Ambassador Profile – Nirvana Leaver, University of Edinburgh, Scotland.
Hi, I’m Nirvana – Co-Founder of the Dick Vet Wildlife Conservation Society at Edinburgh University. I have been a part of The Expedition Project Ambassador team since 2019.
Although I have been working with The Expedition Project since 2019, since March 2020, we’ve been doing live streams and developing online courses with the help of Wildlife Vets like Dr. Peter Rogers, Ecologists like Terry-Lee Honiball and fellow ambassadors from Nottingham and RVC, London.
WHEN DID I FIRST REALISE, I WANTED TO BE A VET?
I must have been around 13 years old when I decided I was going to be a vet. I always used to tune into Animal Planet and watch as many animal-related programmes as possible. Then when I started senior school, I really enjoyed my science classes – in particular biology. Admittedly, I initially wanted to be a zookeeper but my aptitude for science meant veterinary medicine looked like a promising path and it’s stuck with me ever since.
WHAT IS MY MOTIVATION TO BECOME A VET?
Humans and animals are inextricably linked, and I’ve realised that one of my greatest motivations it not just to help animals, but also help the people that come with them! It’s a massively important part of being a vet. Showing compassion for both people and animals is so critical to be a successful veterinarian.
MY BIGGEST TIP IF YOU WANT TO STUDY TO BECOME A VET IS…
“Be yourself. Everyone else is already taken.” – Oscar Wilde
If you have the drive to become a vet, you will get there. Make sure you let your personality shine through when applying and don’t be afraid to be different. The admissions team want to learn about what makes you a good student and not necessarily that you’ve milked 402 cows and walked 14 dogs at the same time (although that’s pretty impressive).
THE HARDEST THING ABOUT BEING A VET IS…
We can’t talk to our patients! As a Doctor, you can ask your patient “Where does it hurt?” – but of course, as a vet this is a bit tricky. But whilst this is a challenging aspect of the profession, I find it’s also one of the most interesting. It’s like doing a puzzle; we use diagnostics to investigate what we think is wrong with the animal and (with any luck) come up with a plan to fix it. However, sometimes there isn’t anything you can do, and this can be a tough challenge when your main motivation is to make things better.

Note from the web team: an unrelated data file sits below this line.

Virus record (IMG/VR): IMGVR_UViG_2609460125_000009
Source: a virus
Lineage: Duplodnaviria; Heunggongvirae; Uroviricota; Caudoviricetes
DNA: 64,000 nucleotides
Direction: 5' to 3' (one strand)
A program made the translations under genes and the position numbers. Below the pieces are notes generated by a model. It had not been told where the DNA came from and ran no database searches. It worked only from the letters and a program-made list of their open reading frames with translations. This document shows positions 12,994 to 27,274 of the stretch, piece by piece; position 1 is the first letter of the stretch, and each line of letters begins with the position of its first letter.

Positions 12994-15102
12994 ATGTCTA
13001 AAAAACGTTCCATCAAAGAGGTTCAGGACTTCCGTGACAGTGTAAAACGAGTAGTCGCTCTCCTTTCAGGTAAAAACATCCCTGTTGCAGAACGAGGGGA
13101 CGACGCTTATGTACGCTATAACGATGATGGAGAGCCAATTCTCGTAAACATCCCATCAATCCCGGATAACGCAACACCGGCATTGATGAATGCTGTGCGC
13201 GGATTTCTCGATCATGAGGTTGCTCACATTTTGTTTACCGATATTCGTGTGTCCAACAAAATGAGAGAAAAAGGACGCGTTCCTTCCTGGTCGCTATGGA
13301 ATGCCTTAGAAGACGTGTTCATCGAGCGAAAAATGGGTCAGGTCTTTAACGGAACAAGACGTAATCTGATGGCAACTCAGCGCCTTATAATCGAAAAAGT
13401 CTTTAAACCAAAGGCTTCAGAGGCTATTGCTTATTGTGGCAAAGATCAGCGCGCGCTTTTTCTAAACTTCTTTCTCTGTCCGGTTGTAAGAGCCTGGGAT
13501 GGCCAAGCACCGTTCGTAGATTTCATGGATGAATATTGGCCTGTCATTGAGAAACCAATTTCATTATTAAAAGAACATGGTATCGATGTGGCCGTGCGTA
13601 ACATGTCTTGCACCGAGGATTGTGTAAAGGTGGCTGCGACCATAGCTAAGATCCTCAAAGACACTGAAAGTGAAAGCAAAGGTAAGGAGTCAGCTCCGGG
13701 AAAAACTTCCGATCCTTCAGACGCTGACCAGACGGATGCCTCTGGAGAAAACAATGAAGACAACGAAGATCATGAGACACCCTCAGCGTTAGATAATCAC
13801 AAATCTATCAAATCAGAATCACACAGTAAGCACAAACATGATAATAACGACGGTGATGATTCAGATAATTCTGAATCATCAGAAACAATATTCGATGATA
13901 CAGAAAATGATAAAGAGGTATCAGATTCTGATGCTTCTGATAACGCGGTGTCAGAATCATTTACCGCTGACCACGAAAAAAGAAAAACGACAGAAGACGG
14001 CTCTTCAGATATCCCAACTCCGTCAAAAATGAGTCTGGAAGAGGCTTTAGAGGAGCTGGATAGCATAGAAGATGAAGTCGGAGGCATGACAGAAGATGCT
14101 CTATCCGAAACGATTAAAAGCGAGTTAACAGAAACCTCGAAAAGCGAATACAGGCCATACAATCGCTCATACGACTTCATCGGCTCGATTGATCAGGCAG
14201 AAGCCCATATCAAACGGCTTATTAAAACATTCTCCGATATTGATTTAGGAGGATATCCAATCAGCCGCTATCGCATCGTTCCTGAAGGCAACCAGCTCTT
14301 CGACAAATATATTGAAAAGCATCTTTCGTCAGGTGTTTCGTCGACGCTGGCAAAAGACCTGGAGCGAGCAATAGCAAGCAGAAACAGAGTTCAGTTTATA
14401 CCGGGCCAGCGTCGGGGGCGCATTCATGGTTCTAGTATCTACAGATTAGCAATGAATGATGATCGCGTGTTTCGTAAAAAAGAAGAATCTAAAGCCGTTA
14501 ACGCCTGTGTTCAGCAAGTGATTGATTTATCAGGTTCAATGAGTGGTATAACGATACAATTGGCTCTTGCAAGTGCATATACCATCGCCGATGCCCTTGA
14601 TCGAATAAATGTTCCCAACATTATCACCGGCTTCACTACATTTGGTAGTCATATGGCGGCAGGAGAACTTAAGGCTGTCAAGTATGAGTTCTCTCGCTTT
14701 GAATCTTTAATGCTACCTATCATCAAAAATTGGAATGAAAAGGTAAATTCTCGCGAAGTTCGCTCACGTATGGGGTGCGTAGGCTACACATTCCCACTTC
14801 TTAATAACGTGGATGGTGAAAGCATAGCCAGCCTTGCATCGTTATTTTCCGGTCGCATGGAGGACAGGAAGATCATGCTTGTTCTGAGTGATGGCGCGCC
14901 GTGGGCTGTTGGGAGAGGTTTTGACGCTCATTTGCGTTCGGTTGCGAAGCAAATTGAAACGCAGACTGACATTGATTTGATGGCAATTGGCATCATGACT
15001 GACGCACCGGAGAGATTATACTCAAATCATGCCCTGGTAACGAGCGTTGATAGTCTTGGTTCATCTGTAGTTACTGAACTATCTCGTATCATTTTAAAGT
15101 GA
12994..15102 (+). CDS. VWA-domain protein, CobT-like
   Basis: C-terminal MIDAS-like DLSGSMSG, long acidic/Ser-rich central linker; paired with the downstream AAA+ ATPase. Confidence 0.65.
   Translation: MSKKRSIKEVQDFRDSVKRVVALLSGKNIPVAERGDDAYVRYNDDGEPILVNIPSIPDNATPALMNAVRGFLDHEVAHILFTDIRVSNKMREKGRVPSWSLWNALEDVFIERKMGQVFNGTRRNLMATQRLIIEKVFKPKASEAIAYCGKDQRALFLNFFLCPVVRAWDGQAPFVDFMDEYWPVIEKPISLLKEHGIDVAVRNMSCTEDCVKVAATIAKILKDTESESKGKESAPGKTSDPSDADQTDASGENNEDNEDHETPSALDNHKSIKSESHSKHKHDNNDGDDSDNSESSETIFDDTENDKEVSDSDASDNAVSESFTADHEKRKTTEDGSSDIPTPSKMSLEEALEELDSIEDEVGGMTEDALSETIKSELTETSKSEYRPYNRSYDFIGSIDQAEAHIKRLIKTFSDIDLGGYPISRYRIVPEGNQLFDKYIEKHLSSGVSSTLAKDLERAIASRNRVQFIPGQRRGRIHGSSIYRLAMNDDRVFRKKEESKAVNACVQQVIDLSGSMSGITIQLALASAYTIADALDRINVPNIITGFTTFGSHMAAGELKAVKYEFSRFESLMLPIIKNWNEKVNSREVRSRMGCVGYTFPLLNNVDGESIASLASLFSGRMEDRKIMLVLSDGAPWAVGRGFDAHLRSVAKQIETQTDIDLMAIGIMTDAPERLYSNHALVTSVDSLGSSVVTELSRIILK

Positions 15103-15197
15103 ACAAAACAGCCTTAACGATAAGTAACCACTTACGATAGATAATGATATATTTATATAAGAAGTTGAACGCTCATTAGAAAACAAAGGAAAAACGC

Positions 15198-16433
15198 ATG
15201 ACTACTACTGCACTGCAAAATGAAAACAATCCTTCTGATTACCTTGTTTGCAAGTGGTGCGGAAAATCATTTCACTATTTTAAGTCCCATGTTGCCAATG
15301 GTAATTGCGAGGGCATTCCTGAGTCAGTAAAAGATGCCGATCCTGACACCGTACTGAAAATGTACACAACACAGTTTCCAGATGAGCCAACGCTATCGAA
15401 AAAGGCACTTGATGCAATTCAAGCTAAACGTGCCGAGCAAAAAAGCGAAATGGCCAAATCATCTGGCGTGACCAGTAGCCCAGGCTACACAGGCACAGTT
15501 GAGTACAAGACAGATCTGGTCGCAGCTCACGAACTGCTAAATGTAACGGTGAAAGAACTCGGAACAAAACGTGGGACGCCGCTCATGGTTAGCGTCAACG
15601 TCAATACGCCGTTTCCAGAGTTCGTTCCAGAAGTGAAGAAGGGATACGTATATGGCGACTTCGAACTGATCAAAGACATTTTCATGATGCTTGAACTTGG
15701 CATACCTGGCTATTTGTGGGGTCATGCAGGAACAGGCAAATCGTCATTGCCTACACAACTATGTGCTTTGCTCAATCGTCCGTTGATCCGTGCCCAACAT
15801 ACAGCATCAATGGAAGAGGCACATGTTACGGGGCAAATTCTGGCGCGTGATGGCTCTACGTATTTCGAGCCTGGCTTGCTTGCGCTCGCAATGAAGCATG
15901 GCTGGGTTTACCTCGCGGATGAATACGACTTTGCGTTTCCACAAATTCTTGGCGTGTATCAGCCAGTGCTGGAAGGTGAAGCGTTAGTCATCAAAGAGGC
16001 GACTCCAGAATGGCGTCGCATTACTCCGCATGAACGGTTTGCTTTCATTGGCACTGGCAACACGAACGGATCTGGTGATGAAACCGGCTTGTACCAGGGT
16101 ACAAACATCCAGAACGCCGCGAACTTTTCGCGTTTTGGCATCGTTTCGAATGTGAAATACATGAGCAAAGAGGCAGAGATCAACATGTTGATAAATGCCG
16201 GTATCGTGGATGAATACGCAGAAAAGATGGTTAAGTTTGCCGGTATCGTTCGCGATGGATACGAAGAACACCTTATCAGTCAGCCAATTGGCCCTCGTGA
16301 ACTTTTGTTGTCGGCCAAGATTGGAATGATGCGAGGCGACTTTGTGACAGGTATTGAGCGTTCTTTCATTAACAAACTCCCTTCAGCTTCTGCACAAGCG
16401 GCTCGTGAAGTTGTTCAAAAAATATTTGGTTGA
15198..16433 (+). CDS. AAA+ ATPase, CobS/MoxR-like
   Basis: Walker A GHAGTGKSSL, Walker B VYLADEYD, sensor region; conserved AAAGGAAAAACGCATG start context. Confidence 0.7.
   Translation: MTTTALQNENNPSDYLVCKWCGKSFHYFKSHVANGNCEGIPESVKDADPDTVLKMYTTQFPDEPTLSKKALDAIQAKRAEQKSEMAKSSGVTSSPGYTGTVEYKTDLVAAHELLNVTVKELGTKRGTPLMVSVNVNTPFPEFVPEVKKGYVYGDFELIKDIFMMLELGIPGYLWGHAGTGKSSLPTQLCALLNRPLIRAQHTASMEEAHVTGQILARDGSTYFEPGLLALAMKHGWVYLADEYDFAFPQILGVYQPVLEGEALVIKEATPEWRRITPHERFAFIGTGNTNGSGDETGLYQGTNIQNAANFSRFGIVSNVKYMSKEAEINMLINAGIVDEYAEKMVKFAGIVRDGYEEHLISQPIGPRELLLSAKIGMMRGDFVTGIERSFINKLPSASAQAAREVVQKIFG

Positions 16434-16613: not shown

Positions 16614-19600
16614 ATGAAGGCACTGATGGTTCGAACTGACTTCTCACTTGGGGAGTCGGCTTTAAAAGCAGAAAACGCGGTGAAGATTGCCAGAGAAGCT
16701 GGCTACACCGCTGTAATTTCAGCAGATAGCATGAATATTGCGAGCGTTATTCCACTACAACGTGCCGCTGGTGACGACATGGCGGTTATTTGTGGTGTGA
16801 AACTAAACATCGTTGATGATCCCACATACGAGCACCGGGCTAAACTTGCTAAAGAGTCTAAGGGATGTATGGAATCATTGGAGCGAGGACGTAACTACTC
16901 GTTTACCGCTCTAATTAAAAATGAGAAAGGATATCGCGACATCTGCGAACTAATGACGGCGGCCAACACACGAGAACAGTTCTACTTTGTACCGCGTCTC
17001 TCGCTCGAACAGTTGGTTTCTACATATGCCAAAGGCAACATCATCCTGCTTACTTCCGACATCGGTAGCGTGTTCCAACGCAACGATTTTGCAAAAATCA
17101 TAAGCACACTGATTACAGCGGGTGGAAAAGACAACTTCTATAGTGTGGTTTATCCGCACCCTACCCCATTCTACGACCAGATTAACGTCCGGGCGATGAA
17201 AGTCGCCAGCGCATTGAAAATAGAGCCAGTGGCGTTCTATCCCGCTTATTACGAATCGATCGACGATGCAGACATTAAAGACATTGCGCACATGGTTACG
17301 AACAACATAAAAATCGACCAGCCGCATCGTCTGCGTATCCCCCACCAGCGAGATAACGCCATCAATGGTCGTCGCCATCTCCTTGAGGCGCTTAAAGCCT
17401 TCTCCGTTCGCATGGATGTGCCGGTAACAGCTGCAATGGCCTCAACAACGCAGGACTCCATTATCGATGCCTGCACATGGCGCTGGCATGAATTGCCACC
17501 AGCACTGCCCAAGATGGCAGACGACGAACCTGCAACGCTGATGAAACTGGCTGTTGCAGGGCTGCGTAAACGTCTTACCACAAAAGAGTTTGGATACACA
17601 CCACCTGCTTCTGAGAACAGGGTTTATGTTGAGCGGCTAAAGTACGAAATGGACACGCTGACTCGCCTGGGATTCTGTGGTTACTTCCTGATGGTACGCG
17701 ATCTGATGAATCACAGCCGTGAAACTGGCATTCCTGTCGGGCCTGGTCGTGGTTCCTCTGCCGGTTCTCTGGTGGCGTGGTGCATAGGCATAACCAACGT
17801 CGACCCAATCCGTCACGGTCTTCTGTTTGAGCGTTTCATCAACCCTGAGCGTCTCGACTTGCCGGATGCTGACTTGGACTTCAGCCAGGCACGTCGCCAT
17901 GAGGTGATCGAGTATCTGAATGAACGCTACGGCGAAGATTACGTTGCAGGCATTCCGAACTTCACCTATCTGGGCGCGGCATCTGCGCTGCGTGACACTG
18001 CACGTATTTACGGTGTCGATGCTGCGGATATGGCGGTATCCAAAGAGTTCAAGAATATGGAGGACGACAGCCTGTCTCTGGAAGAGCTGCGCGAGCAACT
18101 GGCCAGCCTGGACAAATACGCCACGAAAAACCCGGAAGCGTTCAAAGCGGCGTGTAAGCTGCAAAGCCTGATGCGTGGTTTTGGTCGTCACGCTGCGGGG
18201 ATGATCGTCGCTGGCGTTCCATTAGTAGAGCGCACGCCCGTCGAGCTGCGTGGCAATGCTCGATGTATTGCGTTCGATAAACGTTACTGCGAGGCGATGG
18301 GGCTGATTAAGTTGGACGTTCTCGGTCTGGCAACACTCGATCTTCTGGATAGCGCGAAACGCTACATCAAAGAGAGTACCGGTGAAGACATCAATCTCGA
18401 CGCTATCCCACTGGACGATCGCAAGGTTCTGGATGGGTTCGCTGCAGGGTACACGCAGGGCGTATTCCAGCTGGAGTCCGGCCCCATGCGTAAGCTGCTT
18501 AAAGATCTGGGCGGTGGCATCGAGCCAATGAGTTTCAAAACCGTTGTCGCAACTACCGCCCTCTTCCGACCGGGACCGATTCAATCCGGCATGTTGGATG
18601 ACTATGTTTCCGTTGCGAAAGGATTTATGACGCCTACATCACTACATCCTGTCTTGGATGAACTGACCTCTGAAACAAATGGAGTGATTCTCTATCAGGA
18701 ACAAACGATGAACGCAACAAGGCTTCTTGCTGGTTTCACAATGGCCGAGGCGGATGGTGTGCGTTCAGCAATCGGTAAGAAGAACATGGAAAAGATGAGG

WHAT IS MY FAVOURITE ANIMAL?
You know what, I find it so hard to pick one just animal to top the charts. I’m a big fan of dogs, but horses have also been a big part of my life from a young age. It can be tricky to juggle pet ownership with university; but every holiday I look forward to heading home to our adorable little Bengal cat, Rizzo. She’s just got the best markings and is such a character – so I guess she’s my favourite animal!
MY FAVOURITE ANIMAL RELATED STORY IS…
Before I met The Expedition Project, I completed a wildlife placement in the summer of 2019 in South Africa. We did multiple captures and translocations of different animals, but my favourite had to be the sable. They were tricky animals to anaesthetise and with the added danger of those massive horns, we had to be on our toes all the time. By the end of it, our team has completed may successful manoeuvres! I thought they looked so majestic with their massive sweeping horns and long faces. Even though they might not be the prettiest animal, they will always hold a soft spot in my heart.
MY FAVOURITE ANIMAL PHOTO I HAVE TAKEN IS…
A photo I took when I first ventured to South Africa with my family back in 2013 – thought we were seeing double!